In the context of a contract between NTPC Ltd. and SPML Infra Ltd. for the “Installation Services for Station Piping Package for Simhadri Super Thermal Power Project Stage II at NTPC at Simhadri, Vishakapatnam,” certain issues arose. SPML, in compliance with the contract, provided bank guarantees to NTPC. Upon the project’s successful completion, NTPC issued a completion certificate and informed SPML that the final payment would be released upon receipt of a No-Demand Certificate, promptly provided by SPML. However, NTPC withheld the bank guarantees due to unresolved disputes relating to other projects. With the disputes lingering, SPML filed a writ petition before the Delhi High Court seeking the release of the bank guarantees. In an interim order on July 8, 2019, the High Court directed NTPC not to encash the bank guarantees and instructed SPML to maintain the guarantees until a final resolution of the disputes.

During the ongoing writ proceedings, the parties reached a settlement agreement. Under this agreement, NTPC committed to returning the bank guarantees, and in return, SPML agreed to withdraw its writ petition and refrain from initiating arbitration under the current contract. Consequently, NTPC released the bank guarantees, and SPML withdrew the writ petition. SPML later reneged on the settlement agreement and filed a petition under section 11(6) of the Arbitration Act before the High Court, seeking the appointment of an arbitrator. SPML’s argument was that NTPC, by retaining the bank guarantees, coerced SPML into accepting the terms of the settlement. On April 8, 2021, the High Court issued an order appointing an arbitral tribunal. NTPC, dissatisfied with this decision, appealed to the Supreme Court.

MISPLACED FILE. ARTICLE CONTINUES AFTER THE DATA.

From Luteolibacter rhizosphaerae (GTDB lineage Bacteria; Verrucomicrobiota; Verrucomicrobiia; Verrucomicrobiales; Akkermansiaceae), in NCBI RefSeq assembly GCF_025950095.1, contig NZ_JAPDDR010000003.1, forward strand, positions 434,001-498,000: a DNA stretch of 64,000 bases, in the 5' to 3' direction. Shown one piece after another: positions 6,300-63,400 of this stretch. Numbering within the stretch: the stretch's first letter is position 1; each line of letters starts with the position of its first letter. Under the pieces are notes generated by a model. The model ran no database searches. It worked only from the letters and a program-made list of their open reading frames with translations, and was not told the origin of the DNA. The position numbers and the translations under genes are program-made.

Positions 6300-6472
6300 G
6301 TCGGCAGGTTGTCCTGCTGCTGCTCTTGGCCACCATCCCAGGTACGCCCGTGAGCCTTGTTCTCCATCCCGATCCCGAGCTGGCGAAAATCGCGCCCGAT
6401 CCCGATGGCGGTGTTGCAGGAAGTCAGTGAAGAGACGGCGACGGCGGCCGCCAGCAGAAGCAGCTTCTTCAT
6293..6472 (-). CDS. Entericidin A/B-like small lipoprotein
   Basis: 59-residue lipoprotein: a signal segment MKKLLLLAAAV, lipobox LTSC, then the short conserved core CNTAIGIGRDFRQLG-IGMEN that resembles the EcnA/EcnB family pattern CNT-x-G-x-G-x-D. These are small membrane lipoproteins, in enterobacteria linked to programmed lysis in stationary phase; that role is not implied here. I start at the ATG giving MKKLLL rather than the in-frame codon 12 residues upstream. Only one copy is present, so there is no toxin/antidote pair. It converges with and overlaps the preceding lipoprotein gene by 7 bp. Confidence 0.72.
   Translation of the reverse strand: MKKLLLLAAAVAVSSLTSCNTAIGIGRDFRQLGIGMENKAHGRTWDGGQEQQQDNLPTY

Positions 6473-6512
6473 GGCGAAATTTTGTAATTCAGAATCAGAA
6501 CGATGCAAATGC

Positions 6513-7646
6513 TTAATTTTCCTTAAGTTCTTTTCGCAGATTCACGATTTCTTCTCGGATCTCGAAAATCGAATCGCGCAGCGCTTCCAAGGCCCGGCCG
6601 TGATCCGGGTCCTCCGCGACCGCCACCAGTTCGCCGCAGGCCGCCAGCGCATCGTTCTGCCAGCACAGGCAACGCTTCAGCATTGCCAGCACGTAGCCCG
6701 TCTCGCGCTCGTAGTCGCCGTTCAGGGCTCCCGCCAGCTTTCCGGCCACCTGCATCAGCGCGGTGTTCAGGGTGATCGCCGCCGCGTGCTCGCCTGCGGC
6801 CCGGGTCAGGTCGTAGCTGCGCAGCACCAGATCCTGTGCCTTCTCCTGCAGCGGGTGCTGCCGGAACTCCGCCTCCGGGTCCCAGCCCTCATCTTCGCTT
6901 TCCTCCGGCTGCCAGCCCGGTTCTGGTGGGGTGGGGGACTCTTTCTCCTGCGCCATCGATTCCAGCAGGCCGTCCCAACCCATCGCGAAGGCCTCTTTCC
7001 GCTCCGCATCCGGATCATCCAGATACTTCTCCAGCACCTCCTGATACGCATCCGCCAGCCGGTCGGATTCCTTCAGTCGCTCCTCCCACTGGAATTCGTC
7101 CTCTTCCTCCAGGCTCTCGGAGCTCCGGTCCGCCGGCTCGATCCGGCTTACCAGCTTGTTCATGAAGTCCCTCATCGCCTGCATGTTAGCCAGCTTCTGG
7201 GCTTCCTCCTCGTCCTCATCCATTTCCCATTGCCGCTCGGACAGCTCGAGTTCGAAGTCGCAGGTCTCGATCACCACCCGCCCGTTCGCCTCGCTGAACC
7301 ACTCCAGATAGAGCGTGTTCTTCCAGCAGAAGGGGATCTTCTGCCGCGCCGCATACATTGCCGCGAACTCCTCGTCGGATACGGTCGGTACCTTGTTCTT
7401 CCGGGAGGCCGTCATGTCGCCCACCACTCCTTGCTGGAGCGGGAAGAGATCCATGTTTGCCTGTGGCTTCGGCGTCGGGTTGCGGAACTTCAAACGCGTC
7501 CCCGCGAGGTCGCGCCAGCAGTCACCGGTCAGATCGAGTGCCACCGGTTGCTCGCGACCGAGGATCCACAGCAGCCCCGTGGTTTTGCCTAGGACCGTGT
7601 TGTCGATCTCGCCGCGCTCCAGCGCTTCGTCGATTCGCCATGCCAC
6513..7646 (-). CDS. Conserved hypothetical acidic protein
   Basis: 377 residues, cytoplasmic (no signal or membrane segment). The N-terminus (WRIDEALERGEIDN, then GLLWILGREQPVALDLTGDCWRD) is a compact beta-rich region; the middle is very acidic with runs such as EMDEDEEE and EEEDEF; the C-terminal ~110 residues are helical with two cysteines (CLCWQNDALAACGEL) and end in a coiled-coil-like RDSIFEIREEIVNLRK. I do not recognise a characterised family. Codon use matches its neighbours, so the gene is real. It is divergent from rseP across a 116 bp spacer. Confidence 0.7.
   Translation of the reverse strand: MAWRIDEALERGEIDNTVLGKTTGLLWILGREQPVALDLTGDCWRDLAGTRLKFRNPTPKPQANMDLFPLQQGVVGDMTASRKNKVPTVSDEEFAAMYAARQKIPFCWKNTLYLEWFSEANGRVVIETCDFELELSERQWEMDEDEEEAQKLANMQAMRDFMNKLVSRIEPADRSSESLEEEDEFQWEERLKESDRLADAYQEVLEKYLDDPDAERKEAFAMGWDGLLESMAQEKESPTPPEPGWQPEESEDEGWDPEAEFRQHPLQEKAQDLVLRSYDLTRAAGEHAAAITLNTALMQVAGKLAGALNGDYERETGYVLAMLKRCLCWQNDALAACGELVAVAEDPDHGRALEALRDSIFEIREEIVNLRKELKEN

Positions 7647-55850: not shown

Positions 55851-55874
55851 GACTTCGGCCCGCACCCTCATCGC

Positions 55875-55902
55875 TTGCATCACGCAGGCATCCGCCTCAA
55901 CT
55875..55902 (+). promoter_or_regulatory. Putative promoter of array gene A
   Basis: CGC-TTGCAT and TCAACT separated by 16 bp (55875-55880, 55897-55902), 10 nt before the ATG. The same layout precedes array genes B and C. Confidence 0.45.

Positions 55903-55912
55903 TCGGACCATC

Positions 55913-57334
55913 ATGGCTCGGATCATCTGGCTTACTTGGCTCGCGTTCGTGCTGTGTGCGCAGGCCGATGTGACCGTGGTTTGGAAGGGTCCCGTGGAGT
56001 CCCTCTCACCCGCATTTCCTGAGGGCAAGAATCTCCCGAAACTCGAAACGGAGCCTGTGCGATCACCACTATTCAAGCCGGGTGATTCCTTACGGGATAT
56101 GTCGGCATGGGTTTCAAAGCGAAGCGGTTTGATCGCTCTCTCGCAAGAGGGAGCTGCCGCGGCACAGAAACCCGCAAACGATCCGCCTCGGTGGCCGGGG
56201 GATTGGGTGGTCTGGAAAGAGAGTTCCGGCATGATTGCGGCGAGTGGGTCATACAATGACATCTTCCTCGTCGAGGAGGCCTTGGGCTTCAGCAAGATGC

The primary question before the court is whether the Arbitral Tribunal or the court, under Section 11 of the Arbitration and Conciliation Act, should examine the dispute concerning the novation of the contract. The central contention is related to the Settlement Agreement, which, as argued by NTPC, resulted in the novation of the original Contract Agreement. According to NTPC, this novation eliminated the Arbitration Clause from the Contract Agreement, rendering the parties ineligible for arbitration as the Settlement Agreement lacks such a clause. NTPC asserts that the Arbitration Agreement, initially found in the Contract Agreement’s Arbitration Clause, no longer holds validity.


Was a response to recommendations made in the 256th Law Commission Report. One significant addition was Section 11(6A), introduced to narrow the role of courts in the pre-referral stage strictly to determining the existence of the arbitration agreement, adhering to the principle of “nothing more, nothing less.” Despite this, some courts continued to apply the pre-2015 amendment “accord and satisfaction” approach in certain cases.

The Supreme Court, in the case of Vidya Drolia v. Durga Trading Corporation, clarified the scope of pre-referral jurisdiction under Section 11(6A). The Court limited this jurisdiction to a prima facie examination of two key aspects: (i) the existence and validity of the arbitration agreement, and (ii) the arbitrability of the subject matter in dispute. Introducing an “eye of the needle” approach, the Court outlined a two-fold inquiry:

(a) The primary inquiry thoroughly examines the existence and validity of the arbitration agreement. (b) The secondary inquiry, related to arbitrability, involves a prima facie review of facts, including an assessment of the genuineness of assertions regarding arbitrability.